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Alabama DOC Stonewalling Federal Investigation; Eight Prisoners go on Hunger Strike

by Douglas Ankney

On October 3, 2018, the U.S. Department of Justice (DOJ) filed a petition to enforce a subpoena naming Jefferson S. Dunn, Commissioner of the Alabama Department of Corrections (ADOC), as the respondent. The petition seeks an order to show cause why Dunn should not be ordered to comply with the DOJ’s subpoena seeking prison records.

The department began investigating the ADOC in October 2016. The investigation into 13 state prisons housing male prisoners is being conducted pursuant to Section 3A(b)(2) of the Civil Rights of Institutionalized Persons Act (CRIPA), 42 U.S.C. § 1997a-1. CRIPA “authorizes the Attorney General to investigate conditions of confinement in correctional facilities and initiate civil actions ... where the Attorney General has reasonable cause to believe that any State ... or person acting on behalf of a State is subjecting persons residing in or confined to an institution ... to egregious or flagrant conditions which deprive such persons of any rights, privileges, or immunities secured or protected by the Constitution....”

Specifically, the DOJ is seeking “to determine whether there is a pattern or practice of failing to protect prisoners from: (1) physical harm and sexual abuse at the hands of other prisoners; (2) the use of excessive force and sexual abuse by correctional officers or staff; and (3) the lack of sanitary, secure, and safe living conditions.” 

Relentless violence, including an extraordinarily high rate of murders, assaults and suicides, continues unabated in ADOC facilities. [See: PLN, Aug. 2018, p.30]. The DOJ has set up a toll-free hotline that prisoners can use to contact investigators.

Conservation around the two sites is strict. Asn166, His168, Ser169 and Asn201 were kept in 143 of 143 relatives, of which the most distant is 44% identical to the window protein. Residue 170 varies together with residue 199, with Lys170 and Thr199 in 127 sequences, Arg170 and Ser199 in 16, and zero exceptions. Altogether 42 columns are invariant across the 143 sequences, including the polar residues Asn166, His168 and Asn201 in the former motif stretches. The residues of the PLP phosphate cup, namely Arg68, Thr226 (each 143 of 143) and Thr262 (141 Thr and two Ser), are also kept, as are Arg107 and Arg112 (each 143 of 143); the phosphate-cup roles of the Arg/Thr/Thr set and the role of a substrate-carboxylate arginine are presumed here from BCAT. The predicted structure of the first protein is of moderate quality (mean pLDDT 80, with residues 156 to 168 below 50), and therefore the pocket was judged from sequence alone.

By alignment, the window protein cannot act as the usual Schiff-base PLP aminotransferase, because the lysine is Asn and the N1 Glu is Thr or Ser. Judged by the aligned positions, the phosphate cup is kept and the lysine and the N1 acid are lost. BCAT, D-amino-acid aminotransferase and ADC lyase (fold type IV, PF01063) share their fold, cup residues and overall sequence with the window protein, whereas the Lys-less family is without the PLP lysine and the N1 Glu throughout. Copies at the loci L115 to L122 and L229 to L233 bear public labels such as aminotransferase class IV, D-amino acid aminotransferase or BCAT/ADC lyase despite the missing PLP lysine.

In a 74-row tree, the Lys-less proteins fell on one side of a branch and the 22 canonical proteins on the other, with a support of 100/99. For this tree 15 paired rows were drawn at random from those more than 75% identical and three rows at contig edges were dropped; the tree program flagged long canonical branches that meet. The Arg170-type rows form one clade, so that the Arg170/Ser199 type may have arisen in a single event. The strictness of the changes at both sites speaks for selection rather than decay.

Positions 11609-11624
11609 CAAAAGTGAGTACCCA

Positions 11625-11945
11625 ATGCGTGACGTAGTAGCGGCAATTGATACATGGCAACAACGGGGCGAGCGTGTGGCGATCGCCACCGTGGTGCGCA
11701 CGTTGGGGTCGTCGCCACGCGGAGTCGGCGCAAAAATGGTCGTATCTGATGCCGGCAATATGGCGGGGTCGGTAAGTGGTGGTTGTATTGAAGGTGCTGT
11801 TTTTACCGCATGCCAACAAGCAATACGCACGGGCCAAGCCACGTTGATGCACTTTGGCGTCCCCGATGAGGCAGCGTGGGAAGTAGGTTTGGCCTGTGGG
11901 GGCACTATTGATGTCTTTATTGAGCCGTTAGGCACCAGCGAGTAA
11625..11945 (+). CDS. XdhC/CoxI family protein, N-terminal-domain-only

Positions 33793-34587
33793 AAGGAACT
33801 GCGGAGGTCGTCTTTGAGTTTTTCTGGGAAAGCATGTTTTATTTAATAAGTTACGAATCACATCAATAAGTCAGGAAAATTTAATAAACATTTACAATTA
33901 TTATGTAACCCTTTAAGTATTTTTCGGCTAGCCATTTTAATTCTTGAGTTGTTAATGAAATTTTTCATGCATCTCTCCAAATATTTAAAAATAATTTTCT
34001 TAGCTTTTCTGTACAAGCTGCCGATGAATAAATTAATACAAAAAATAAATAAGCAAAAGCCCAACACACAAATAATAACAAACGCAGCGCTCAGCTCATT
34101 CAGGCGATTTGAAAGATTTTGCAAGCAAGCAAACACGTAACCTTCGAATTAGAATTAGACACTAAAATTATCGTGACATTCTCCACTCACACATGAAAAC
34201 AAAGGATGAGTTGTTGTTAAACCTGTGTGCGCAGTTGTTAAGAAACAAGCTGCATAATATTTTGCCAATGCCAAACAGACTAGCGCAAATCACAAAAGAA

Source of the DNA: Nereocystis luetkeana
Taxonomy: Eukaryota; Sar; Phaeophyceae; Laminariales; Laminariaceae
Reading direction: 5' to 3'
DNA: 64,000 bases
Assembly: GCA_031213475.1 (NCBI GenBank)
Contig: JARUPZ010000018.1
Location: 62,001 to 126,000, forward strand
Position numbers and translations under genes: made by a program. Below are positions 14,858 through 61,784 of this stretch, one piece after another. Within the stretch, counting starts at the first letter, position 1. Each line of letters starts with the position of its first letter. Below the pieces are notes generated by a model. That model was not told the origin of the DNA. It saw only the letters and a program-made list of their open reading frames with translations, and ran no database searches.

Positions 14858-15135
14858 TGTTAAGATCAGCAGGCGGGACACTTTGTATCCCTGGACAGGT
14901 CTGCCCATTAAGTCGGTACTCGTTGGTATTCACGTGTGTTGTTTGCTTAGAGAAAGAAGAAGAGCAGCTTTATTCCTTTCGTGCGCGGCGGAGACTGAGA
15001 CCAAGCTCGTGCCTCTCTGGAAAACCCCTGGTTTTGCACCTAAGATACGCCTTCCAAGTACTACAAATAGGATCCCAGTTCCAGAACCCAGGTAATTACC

“On an almost daily basis, the Department receives calls from prisoners and family members recounting allegations of violence, sexual abuse, and death in Alabama prisons,” attorneys for the DOJ wrote in a court filing.

Most recently, two prisoners were murdered at the Bibb County Correctional Facility within three days. Ray Anthony Little, 56, was stabbed to death on March 15, 2019, while Quinton A. Few was killed by another prisoner on March 12. Several days earlier, on March 8, Bibb County prisoner Rashaud Dederic Morrissett, 24, committed suicide.

To investigate deaths and incidents of violence in state prisons, the DOJ requested various documents from the ADOC – including investigative files, autopsy reports, medical records, prison duty logs and Prison Rape Elimination Act (PREA) reports. When state prison officials failed or refused to comply with the request, the DOJ issued a subpoena in May 2017.

Even after being subpoenaed, the ADOC failed to produce the documents. Prison officials claimed the scope of the requested records was “too cumbersome,” and that they lacked the staff and resources to comply with the subpoena because the ADOC was “currently in the remedy phase of a system-wide class action lawsuit over prison mental healthcare and in the midst of two settlement agreements at Tutwiler Prison for Women and St. Clair Correctional Facility in Springville.” [See: PLN, Jan. 2019, p.16].

Unfortunately, the DOJ’s investigation was put on hold on December 21, 2018 due to the federal government shutdown, leading to a delay in the case. See: United States v. Dunn, U.S.D.C. (M.D. Ala.), Case No. 2:18-mc-03837-WKW-GMB.

Additionally, in March 2019, eight prisoners who had been transferred from the St. Clair Correctional Facility to the Holman Correctional Facility went on a hunger strike to protest their “preventive” placement in solitary confinement.

The prisoners, Mario Avila, Antonio Jackson, Jr., Corey Burroughs, Earl Manassa, Kotoni Tellis, Tyree Cochran, Marcus Lee and Earl Taylor, were part of a group moved to the Holman prison following a contraband sweep; according to the ADOC, their placement in solitary was not a disciplinary action.

A press release from Unheard Voices, a criminal justice advocacy organization, said the prisoners who were transferred received a notice from prison officials stating they will “remain in Restrictive Housing in Preventative status for peace and tranquility of the institution as directed by [the] Institution Coordinator.”

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Additional sources: wbrc.com, Montgomery Advertiser, Associated Press

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